Need help! Gas engine overheating. Cannot resolve.

Discussion in 'Gen 3 Prius Care, Maintenance & Troubleshooting' started by Sergey K, Apr 1, 2019.

  1. ASRDogman

    ASRDogman Senior Member

    Joined:
    May 29, 2018
    3,733
    2,231
    0
    Location:
    Florida
    Vehicle:
    2010 Prius
    Model:
    Two
    mmmm very strange. Are you sure you've all the air out of the system?
    Did you check to make sure the fans are sucking IN the air?
     
  2. gus1203

    gus1203 Junior Member

    Joined:
    Jun 21, 2014
    21
    4
    0
    Location:
    Cicero, IL
    Vehicle:
    2005 Prius
    Model:
    V
    Fans are drawing air into engine bay. Checked codes showing p148F
     
  3. ASRDogman

    ASRDogman Senior Member

    Joined:
    May 29, 2018
    3,733
    2,231
    0
    Location:
    Florida
    Vehicle:
    2010 Prius
    Model:
    Two
    Have you checked your oil? Is it low? I know guessing isn't the best way to trouble shoot,
    but running out of things to check...
    Again, are you SURE you got all the air out of the system? I know you tested the thermostat,
    but are you sure it is opening?
    Have you used techstream, or anything else, to determine if the water pump is moving the
    coolant fast enough? It may be flowing, but not fast enough.
    It just seems you are missing something, something simple?
     
    Cosmo Tigato likes this.
  4. gus1203

    gus1203 Junior Member

    Joined:
    Jun 21, 2014
    21
    4
    0
    Location:
    Cicero, IL
    Vehicle:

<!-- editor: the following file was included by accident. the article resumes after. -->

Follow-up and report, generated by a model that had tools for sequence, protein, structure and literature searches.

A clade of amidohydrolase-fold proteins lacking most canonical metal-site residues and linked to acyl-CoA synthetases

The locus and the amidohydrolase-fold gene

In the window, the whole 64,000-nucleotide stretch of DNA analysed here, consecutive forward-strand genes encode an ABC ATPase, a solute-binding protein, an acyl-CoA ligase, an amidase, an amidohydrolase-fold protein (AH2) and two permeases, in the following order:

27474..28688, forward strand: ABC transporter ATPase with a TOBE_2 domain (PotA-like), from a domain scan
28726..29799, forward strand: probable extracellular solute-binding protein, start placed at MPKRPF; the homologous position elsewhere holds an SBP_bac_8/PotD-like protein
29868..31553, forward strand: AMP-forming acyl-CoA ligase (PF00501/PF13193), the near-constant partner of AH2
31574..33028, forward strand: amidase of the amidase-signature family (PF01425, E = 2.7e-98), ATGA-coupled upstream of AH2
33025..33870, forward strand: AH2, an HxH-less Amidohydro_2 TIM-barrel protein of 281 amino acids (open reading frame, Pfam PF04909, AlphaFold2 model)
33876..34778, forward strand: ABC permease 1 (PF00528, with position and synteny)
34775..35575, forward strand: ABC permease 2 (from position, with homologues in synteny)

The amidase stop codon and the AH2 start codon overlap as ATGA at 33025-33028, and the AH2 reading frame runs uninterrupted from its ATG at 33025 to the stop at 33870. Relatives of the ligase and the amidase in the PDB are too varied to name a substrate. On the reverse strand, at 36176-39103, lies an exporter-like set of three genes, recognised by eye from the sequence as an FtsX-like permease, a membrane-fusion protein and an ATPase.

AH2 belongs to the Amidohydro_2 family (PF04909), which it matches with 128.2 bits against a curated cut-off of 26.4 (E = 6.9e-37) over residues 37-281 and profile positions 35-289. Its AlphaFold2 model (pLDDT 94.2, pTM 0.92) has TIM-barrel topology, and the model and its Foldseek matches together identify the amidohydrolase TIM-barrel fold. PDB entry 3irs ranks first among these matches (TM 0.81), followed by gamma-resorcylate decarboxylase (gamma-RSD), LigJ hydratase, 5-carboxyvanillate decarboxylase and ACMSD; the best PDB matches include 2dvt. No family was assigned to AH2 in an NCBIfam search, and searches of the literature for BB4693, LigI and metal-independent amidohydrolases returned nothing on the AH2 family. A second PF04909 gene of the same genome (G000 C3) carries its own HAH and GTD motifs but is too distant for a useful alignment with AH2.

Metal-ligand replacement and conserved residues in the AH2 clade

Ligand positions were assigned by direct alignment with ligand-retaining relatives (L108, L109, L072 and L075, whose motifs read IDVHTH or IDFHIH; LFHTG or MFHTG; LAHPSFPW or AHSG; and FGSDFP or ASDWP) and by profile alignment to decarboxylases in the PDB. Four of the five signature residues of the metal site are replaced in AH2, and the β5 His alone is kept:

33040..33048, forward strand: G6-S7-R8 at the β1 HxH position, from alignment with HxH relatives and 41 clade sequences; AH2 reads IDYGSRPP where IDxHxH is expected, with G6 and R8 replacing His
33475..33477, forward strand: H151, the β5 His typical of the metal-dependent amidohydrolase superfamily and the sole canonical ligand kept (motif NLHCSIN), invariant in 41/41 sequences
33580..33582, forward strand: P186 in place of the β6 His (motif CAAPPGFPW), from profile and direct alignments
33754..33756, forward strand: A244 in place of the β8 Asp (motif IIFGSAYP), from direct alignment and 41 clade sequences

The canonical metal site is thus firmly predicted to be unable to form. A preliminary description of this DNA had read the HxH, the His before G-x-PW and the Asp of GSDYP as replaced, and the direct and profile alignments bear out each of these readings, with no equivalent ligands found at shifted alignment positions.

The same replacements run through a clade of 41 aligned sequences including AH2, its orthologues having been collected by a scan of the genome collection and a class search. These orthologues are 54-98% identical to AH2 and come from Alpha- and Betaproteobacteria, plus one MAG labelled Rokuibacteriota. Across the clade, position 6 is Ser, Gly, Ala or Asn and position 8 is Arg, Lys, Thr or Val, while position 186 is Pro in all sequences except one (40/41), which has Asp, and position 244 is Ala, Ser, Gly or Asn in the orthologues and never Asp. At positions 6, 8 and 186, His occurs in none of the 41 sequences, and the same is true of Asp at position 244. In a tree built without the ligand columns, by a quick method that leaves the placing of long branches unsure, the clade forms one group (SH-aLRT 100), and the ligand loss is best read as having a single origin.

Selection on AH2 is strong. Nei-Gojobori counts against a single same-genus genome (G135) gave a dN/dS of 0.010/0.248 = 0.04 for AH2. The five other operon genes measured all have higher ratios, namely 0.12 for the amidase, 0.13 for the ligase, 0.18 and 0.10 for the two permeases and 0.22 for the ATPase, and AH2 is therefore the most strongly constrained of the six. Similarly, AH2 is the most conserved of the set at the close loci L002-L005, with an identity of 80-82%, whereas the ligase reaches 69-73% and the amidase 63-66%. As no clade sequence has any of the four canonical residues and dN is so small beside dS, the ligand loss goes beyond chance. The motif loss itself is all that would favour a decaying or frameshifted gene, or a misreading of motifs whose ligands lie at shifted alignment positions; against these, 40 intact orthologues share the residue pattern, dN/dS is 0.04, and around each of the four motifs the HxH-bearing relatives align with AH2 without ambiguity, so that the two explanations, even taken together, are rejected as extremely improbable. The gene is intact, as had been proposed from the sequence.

2005 Prius
    Model:
    V
    Oil is fine not burning also coolant doesn’t disappear. I don’t have techstream.
     
  5. gus1203

    gus1203 Junior Member

    Joined:
    Jun 21, 2014
    21
    4
    0
    Location:
    Cicero, IL
    Vehicle:
    2005 Prius
    Model:
    V
    I’ve tried getting air out of the system but it is so hard. My car has the bleeder valve but air looks like it doesn’t want to bleed. That’s what I think.
     
  6. jzchen

    jzchen Senior Member

    Joined:
    Apr 9, 2012
    2,562
    779
    0
    Location:
    Arcadia, CA
    Vehicle:
    2012 Prius v wagon
    Model:
    Five
    How come I get the feeling it's a head gasket.

    One bottle of K-Seal, on sale at AutoZone...

    moto g(7) power ?
     
  7. TMR-JWAP

    TMR-JWAP Senior Member

    Joined:
    Aug 12, 2016
    4,433
    4,713
    0
    Location:
    Columbia, SC
    Vehicle:
    2007 Prius
    Model:
    Touring
    Higher load (high speed, load, or uphill) overheating can often be a head gasket. Just ask the thousands of Cadillac owners with the NorthStar 4.6 engine. One thing that I have seen on some other cars that overheat at higher speeds is the water pump suction hose collapsing and restricting flow. I've seen it mostly on cas with mechanically driven water pumps.
     
  8. jzchen

    jzchen Senior Member

    Joined:
    Apr 9, 2012
    2,562
    779
    0
    Location:
    Arcadia, CA
    Vehicle:
    2012 Prius v wagon
    Model:
    Five